Will County departments provide emergency YESS funding

9/4/2015, 1:47 p.m.
The money will cover the mental health services portion of the JTHS program, which has been instrumental in reducing fights, ...
Will County State’s Attorney James Glasgow (third from left) contributes $10,000 in emergency funding during an August community leaders meeting to keep JTHS' YESS Program operating. Will County State's Attorney

The Will County State's Attorney's Office provided this news release:

Just before the start of the school year, Joliet Township High School officials received the devastating news that the mental health portion of the Youth Experiencing Success in School (YESS) program was to be eliminated.

Valuable mental health services are provided on-site at the high school campuses through the Will County Health Department as part of the YESS program. The Health Department began providing mental health services on-site at Joliet Central and West High School in 2005 as part of the YESS program, which was made possible through a five-year grant.

“Although the grant expired in 2010, the Will County Health Department remained committed to providing in-school counseling and mental health services through a full-time licensed clinician who supervises about 10 interns at both campuses,” said JTHS Superintendent Dr. Cheryl McCarthy.

“These valuable services have yielded amazing results since 2005, so when we learned the program was in jeopardy, we knew we had to take action.”

McCarthy called on the community for help, bringing together YESS partners and community leaders for a meeting in early August. “We had to put our heads together to figure out a way to continue the services,” said McCarthy. “We know the program works, and we didn’t want to see a change in supports for our students.”

The positive change in school climate has been drastic.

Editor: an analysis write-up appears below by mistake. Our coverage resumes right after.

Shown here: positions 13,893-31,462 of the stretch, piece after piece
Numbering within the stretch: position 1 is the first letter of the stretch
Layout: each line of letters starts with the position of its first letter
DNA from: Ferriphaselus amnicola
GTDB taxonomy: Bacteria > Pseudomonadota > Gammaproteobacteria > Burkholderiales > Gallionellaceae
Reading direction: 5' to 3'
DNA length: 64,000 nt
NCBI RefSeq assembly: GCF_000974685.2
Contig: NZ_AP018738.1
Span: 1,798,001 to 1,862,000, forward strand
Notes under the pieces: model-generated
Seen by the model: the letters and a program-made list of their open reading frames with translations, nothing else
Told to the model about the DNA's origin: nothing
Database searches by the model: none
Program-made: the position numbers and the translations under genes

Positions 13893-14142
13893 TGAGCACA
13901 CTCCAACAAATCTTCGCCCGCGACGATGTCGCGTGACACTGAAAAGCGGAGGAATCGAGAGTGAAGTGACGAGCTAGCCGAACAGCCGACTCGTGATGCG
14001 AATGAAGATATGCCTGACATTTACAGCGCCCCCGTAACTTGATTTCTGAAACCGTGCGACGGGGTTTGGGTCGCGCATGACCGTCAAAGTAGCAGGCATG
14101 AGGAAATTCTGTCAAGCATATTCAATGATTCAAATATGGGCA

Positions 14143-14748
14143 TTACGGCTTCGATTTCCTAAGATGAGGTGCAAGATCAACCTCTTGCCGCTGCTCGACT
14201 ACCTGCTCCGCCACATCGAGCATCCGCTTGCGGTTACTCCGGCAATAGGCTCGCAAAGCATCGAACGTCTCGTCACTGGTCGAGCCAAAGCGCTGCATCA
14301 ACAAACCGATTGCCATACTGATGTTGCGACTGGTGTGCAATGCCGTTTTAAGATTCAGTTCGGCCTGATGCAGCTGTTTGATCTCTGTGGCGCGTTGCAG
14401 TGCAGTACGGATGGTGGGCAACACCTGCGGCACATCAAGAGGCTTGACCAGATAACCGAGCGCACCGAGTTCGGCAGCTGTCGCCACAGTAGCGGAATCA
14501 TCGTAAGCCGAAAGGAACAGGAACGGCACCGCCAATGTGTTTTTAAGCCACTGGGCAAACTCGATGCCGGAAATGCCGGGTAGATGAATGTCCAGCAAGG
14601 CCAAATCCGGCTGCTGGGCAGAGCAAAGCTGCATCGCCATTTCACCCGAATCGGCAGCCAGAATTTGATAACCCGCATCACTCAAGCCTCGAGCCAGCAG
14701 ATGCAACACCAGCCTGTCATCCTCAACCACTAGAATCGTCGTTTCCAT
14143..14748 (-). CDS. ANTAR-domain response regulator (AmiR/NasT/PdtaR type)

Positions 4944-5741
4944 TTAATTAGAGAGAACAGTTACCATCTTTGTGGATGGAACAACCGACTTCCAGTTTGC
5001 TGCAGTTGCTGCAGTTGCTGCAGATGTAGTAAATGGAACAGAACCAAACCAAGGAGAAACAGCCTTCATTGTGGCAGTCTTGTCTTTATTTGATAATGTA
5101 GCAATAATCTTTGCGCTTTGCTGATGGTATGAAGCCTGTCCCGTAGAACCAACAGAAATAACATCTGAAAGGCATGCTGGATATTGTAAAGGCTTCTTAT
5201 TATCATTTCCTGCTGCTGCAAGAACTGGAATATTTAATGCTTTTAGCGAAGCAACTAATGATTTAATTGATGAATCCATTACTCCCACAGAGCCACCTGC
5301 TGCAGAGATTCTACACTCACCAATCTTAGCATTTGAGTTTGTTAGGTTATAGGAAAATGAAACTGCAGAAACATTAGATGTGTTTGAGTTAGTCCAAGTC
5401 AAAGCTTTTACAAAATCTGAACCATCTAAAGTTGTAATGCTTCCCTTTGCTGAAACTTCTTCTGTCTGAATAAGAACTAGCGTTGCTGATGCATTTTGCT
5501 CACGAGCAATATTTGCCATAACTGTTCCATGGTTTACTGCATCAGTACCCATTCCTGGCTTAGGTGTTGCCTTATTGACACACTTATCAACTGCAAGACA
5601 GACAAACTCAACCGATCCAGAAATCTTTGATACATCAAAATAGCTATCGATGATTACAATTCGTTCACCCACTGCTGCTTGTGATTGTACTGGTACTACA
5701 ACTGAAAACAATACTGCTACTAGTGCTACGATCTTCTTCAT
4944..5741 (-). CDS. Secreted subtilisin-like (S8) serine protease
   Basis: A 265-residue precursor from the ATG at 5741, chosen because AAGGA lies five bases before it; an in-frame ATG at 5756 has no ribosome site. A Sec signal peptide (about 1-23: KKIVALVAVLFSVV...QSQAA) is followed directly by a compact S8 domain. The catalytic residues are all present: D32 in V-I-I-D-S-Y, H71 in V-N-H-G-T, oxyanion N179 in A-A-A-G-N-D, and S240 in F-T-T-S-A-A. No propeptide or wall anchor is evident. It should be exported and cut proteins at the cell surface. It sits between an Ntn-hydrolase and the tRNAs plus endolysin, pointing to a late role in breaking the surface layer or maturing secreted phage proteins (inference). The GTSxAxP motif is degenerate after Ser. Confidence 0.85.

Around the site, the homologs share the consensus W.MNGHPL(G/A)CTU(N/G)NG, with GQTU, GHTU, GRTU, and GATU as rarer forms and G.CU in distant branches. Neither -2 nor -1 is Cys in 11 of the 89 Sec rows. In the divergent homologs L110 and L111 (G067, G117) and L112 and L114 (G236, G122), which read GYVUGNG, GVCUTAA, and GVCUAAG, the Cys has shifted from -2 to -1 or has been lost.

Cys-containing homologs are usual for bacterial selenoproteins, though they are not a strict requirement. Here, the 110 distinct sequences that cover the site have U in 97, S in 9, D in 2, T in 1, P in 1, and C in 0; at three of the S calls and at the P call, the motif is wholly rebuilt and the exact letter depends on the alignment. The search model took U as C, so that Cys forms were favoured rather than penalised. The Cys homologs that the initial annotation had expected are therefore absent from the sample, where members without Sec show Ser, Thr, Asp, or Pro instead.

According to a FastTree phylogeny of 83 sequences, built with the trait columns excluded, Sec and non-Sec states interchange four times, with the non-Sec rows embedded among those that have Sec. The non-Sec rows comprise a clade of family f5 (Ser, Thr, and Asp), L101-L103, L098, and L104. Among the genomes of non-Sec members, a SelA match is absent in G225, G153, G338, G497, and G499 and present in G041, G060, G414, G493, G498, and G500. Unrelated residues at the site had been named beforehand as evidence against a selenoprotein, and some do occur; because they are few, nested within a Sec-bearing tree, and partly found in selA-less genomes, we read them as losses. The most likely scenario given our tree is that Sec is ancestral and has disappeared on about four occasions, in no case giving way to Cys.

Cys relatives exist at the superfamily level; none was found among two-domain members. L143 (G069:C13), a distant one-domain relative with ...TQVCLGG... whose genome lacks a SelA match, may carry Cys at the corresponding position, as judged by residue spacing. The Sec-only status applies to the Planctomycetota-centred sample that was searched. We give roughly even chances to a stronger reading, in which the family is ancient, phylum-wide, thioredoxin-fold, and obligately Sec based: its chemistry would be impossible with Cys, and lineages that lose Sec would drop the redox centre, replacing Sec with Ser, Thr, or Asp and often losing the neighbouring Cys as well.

“Since 2005, fighting is down 69 percent, assaults are down 27 percent, and expulsions are down 67 percent,” said McCarthy. “In addition, during the 2014-2015 school year, nearly 300 students received mental health services through the program and there was a 100 percent graduation rate for the seniors in the program. This is just remarkable.”

To continue the program for the 2015-2016 school year, at the meeting McCarthy informed community partners that $100,000 was needed. She pointed out that through the use of interns approximately $620,000 worth of services are provided to JTHS students. “It’s a great approach. By using interns we are able to maximize our services for a fraction of the cost.”

At that meeting, Will County States Attorney James Glasgow, a YESS partner since the program’s inception, immediately contributed $10,000 in emergency funding to keep the program operating while community leaders worked on filling the $90,000 gap. State’s Attorney Glasgow used forfeiture funding, which is money seized from offenders who were using it to conduct criminal enterprises, to pay for the program.

“The value of this program is tremendous when you consider the many benefits it brings to individual students, the Joliet Township High School District and the entire community,” Glasgow said.

“Our investment in YESS pays back immense dividends when you provide struggling students the counseling and assistance necessary to complete their homework and succeed in school. Those students will become valuable members of our community. The other option – to allow these students to fail – is something we can never consider when we have a proven and effective resource like YESS available to us.”